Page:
• BE an example for good --- being aware that all we do is  an example of one kind or the another. 
  • HELP your children develop competence in areas that are important for their future ---It is important that they learn to work, study, achieve goals, live within rules and get along with others. The best way to teach them is by working alongside them, pleasantly and patiently, showing them the way, especially when they are young. Teach without criticizing.
  • SHOW interest in your children's interests even though it is often hard to be interested in all the things (especially) little children want to talk about. Try to do this even when your child is disobedient and rejecting. It is worth the effort -- both at the time and later. From the manual: One father with limited financial resources bought tickets to ice hockey games because his son, a school dropout with a history of drug use, loved the game and would go with him. The son had recently been released from a drug treatment facility and was struggling to stay off drugs. The experience brought new life to their relationship, enabling the father and son to talk about a common interest and develop good feelings toward each other. 
  • ENCOURAGE your children in activities in which they can succeed and help them develop talents and natural abilities --- One of our sons had difficulty with fine motor skills when he was very young. While working in areas to strengthen this, we also wanted to guide him to areas where he could experience success at the same time. Swimming was the answer. In his swimming lessons he was in the top of the group. The confidence gained in the pool balanced the struggles he was facing in other areas.  
  • RECOGNIZE and ACKNOWLEDGE your children's accomplishments. It is important for parents to recognize the significant things their children do.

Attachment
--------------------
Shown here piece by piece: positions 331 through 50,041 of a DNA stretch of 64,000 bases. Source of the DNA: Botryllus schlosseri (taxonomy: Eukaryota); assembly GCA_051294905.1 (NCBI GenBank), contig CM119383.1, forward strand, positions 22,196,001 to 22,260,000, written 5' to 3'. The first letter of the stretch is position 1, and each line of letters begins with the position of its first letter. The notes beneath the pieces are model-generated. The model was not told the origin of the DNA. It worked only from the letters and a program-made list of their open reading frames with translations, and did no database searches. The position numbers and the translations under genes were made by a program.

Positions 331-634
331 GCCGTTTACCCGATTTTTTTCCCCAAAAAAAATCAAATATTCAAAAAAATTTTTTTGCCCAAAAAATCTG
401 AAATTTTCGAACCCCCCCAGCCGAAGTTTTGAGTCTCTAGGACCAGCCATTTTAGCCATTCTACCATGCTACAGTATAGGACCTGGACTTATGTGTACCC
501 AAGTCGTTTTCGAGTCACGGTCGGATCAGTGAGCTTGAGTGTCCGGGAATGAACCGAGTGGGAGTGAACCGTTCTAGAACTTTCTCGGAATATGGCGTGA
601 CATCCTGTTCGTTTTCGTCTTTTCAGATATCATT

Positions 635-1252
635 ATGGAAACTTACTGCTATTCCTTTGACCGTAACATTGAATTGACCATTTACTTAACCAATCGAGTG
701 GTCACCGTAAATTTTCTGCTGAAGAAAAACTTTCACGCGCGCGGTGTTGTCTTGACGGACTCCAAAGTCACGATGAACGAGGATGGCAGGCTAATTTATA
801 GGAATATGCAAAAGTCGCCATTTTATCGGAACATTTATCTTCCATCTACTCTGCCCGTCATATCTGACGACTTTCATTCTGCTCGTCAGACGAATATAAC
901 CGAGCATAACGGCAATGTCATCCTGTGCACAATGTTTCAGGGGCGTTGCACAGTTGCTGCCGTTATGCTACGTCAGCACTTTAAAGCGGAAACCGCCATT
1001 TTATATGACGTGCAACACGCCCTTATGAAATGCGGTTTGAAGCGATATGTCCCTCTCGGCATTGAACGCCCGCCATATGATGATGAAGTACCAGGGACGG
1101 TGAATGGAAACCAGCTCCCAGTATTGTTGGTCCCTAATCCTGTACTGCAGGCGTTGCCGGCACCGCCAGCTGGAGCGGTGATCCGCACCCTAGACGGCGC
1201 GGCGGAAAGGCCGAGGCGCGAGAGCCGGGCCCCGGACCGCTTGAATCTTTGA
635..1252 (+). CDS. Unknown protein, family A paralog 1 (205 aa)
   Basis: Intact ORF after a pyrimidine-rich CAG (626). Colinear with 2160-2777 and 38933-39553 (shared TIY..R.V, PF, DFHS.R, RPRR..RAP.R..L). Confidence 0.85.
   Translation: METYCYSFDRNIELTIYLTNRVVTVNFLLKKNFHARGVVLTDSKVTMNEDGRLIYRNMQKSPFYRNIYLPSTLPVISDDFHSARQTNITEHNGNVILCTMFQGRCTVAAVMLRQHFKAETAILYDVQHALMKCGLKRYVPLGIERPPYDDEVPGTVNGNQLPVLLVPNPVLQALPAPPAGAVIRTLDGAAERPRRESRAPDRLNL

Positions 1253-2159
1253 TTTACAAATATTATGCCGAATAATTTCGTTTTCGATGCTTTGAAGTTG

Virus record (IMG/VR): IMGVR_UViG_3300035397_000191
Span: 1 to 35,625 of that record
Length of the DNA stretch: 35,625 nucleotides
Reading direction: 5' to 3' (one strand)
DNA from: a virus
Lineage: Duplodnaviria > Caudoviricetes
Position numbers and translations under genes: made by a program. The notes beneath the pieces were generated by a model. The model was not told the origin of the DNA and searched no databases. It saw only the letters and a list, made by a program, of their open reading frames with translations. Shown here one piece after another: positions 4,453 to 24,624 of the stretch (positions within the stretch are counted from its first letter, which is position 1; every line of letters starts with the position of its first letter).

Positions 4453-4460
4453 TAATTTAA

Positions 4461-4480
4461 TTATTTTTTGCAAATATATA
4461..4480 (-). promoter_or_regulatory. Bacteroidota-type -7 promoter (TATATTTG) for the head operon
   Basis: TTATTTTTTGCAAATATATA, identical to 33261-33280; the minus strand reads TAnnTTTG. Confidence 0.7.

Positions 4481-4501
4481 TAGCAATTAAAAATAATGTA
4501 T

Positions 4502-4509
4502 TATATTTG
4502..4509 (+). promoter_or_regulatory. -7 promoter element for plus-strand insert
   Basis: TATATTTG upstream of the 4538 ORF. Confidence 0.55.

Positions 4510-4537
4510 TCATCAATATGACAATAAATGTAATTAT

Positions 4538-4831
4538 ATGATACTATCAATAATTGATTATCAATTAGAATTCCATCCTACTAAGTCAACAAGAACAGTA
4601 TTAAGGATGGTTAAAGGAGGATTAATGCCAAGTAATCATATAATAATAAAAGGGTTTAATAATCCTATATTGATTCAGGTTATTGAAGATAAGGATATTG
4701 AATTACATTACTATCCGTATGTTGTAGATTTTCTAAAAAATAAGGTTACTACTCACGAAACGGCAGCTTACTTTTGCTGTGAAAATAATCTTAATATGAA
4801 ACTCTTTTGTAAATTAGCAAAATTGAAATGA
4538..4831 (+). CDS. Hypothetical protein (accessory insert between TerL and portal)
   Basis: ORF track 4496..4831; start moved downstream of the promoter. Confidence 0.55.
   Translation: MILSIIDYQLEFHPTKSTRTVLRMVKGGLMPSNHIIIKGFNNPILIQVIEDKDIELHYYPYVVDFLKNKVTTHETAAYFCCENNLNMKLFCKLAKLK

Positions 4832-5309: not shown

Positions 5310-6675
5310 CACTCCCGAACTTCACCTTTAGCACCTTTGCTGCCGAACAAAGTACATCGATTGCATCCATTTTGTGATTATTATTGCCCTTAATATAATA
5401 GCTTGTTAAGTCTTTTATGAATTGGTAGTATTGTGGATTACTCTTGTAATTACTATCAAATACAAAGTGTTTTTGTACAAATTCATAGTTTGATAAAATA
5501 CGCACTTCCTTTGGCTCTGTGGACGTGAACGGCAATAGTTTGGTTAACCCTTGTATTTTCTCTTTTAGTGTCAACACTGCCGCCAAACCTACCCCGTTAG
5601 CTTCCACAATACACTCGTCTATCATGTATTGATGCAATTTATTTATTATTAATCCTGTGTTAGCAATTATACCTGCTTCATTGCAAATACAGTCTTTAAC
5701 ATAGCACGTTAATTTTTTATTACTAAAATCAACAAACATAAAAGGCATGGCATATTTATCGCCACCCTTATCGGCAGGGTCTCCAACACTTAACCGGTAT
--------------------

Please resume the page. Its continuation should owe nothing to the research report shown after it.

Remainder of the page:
• PRAISE them when they do something good and noteworthy - - - It is important that praise be sincere. Children will detect and reject phony compliments. 
  • FOCUS on their behavior and its positive effect. For example, "I really like it when you're here with us and we can talk peacefully without contention. That means a lot to me."
  • KEEP your comments brief. A few words are better than many. If you go on and on it will may embarrass the child and turn a potentially positive act into one that is negative.
  • RANDOMLY offer praise --- for it to have the greatest impact, as praising the child for every act may diminish the significance of the parents' words.
  • INVOLVE your children in serving others. Service projects teach unselfishness and help children to consider the welfare of others.The more we serve our fellowmen in appropriate ways, the more substance there is to our soul. We become more significant individuals as we serve others.  Jesus promised that "by losing ourselves, we find ourselves!" We become more substantive as we serve others --- making it easier to find ourselves because --- there is more of us to find.